I like to feel the solid earth beneath my shoes. It allows me to participate in ancient cosmologies in support of my feeling of being right. As sure as I’m standing here before you, you can believe what I’m saying. Here at the center of all things.
It was a Woody Allen movie that put me on to this train of thought, but before we get into that here are some versions of the primal story:
Let’s start with Steven Hawking’s version in his 1988 book “A Brief History of Time.”
A well-known scientist (some say it was Bertrand Russell) once gave a public lecture on astronomy. He described how the earth orbits around the sun and how the sun, in turn, orbits around the center of a vast collection of stars called our galaxy. At the end of the lecture, a little old lady at the back of the room got up and said: “What you have told us is rubbish. The world is really a flat plate supported on the back of a giant tortoise.” The scientist gave a superior smile before replying, “What is the tortoise standing on?” “You’re very clever, young man, very clever,” said the old lady. “But it’s turtles all the way down!”
Then there’s the variation that appears in David Hume’s 1779 work “Dialogues Concerning Natural Religion.”
How can we satisfy ourselves without going on in infinitum? And, after all, what satisfaction is there in that infinite progression? Let us remember the story of the Indian philosopher and his elephant. It was never more applicable than to the present subject. If the material world rests upon a similar ideal world, this ideal world must rest upon some other; and so on, without end. It were better, therefore, never to look beyond the present material world.
When the modern cosmologist attempts to decenter the solid foundation of our footing, our proxy, the little old lady, restores it with an infinite regress of turtles that go all the way down. But in order to have a solid place to stand, we want some sort of final turtle, an unmoved mover where in the buck stops. This is why scientists like to tell this story about turtles, because an infinite regress violates the laws of logic. It implies that nothing set the chain of events in motion. Many scientists choose to believe there’s a “god particle” (the hypothetical elementary particle called the Higgs boson) at the bottom of it all.
Graham Harman gets into the game of infinite regress and turtles in his book “The Quadruple Object:”
And given that an object must inherently be a unity, its multitude of qualities can only arise from the plurality of its pieces. Thus there is no object without pieces, and an infinite regress occurs. Despite the easy and widespread mockery of the infinite regress, there are only two alternatives, and both are even worse. Instead of the infinite regress we can have a ‘finite regress,’ in which one ultimate element is the material of everything larger. Or we can have ‘no regress at all,’ in which there is no depth behind what appears to the human mind. Both options have already been critiqued as undermining and overmining, respectively. And if the infinite regress is often mocked as a theory of “turtles all the way down,” the finite regress merely worships a final Almighty Turtle, while the theory of no regress champions a world resting on a turtle shell without a turtle.
If it really is “turtles all the way down”, how do we locate ourselves in this infinite regress? And this is where we get back to Woody Allen. I recently watched his film “Midnight in Paris” for the second time. It’s the story of an American writer named Gil Pender who visits Paris. He’s in a state of uncertainty with regard to his pending marriage, his career as a screenwriter, the value of the novel he’s writing and where he should make his home (Malibu or Paris). His fiance has clearly identified a ‘final turtle’ and is quite certain about where things stand and where they should stand.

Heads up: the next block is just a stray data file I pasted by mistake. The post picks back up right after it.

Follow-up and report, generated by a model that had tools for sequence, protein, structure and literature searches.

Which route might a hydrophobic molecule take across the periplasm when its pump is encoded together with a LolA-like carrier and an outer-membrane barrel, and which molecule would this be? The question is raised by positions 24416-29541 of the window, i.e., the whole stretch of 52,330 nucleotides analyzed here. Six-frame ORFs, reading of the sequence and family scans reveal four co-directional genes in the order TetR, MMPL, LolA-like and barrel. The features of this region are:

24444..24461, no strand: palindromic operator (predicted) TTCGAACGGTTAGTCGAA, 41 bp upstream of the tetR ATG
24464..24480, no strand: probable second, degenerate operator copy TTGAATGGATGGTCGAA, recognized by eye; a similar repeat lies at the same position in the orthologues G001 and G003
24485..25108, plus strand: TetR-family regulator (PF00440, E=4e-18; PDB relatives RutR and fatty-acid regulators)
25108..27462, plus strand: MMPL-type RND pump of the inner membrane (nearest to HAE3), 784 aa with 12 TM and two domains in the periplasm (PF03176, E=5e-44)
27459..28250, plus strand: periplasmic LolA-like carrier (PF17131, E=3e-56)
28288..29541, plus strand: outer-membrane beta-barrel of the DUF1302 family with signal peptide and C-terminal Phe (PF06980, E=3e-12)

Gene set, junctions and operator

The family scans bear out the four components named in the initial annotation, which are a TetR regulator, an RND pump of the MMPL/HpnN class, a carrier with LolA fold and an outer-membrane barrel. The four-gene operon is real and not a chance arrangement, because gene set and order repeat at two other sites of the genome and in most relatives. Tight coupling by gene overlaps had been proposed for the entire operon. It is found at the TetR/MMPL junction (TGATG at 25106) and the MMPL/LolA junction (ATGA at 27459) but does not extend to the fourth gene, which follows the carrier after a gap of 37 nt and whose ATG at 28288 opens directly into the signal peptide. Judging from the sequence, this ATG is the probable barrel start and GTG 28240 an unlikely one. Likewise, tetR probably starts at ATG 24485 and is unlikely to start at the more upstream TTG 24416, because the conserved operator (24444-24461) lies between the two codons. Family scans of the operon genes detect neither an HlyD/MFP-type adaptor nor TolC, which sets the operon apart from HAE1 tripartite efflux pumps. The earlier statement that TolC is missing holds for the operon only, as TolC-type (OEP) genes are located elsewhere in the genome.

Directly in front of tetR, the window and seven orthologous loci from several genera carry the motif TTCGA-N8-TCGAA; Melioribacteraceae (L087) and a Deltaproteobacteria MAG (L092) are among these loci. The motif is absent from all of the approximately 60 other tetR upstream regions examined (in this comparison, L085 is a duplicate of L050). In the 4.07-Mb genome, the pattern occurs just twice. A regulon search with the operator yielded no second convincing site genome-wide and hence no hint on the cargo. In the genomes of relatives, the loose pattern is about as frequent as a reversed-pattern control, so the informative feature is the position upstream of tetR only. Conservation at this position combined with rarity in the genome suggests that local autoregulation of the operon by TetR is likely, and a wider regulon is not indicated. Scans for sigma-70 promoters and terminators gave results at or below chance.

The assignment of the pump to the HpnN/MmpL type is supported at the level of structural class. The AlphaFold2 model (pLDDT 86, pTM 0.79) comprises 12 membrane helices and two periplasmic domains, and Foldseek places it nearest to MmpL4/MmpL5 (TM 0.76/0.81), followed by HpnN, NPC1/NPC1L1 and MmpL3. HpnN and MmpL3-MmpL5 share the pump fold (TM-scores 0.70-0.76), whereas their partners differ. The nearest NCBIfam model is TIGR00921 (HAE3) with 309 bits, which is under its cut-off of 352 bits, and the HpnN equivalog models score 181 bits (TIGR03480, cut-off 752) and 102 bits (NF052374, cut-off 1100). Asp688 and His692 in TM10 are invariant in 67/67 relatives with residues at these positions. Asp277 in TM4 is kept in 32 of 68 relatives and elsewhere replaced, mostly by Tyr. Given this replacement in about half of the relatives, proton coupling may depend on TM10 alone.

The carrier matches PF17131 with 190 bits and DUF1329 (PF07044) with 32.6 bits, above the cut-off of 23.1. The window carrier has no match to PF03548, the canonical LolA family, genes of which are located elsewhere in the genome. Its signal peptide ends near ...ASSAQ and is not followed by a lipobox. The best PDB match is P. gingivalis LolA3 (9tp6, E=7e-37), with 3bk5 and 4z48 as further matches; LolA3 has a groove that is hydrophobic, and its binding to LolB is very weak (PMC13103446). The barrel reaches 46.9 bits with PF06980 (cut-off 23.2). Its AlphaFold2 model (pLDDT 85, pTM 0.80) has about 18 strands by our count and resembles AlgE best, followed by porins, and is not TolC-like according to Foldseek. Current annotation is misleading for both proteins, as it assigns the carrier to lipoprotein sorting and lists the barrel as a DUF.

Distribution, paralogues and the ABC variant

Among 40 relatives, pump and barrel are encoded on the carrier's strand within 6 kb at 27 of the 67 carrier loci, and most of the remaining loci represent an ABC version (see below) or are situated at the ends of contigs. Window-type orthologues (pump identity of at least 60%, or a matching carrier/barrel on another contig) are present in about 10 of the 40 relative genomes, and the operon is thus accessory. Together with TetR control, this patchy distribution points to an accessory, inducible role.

Pender, who worships the ex-patriot writers and artists of Paris in the 1920s, is magically transported back to that time. It’s here that he hopes to receive the clarity that will give him a solid direction for his life. In a twist, the woman he falls for in 20s Paris longs for the era of the Belle Epoque. When the two of them are transported back to the era of her dreams, they find the artists of that time longing for an earlier time.
This dream inside a dream inside a dream structure brought to mind Christopher Nolan’s film “Inception.” Pender, in ‘Midnight in Paris’ posits an infinite regress, and comes to the realization that there’s no final turtle. The certainty his character gains is from embracing the infinite regress, not from discovering a final unmoved mover. In Nolan’s film, the dream within a dream within a dream structure serves as the landscape for an action film. The conceit of the film is that if you can place a thought deep enough into the layers of dreams within dreams it will appear as a final turtle (inception). But there’s also the implication that the dreams within dreams within dreams are an infinite regress. In both of these films, the characters run into the limitation that as humans, we can’t count to infinity. We can only descend into the dreams within dreams within dreams so far before we lose our bearings. It’s not that the infinite regress isn’t there, it’s just that we can’t empirically experience its infinity.
It’s Allen’s “Midnight in Paris” that seems to show a small change in the zeitgeist—the infinite regress of turtles all the way down neither incites vertigo nor charges of absurdity. The dream where we’re falling without end has been transformed into a clear-eyed assessment of the infinite regress of dreams and what they can tell us about the dream we’re living in.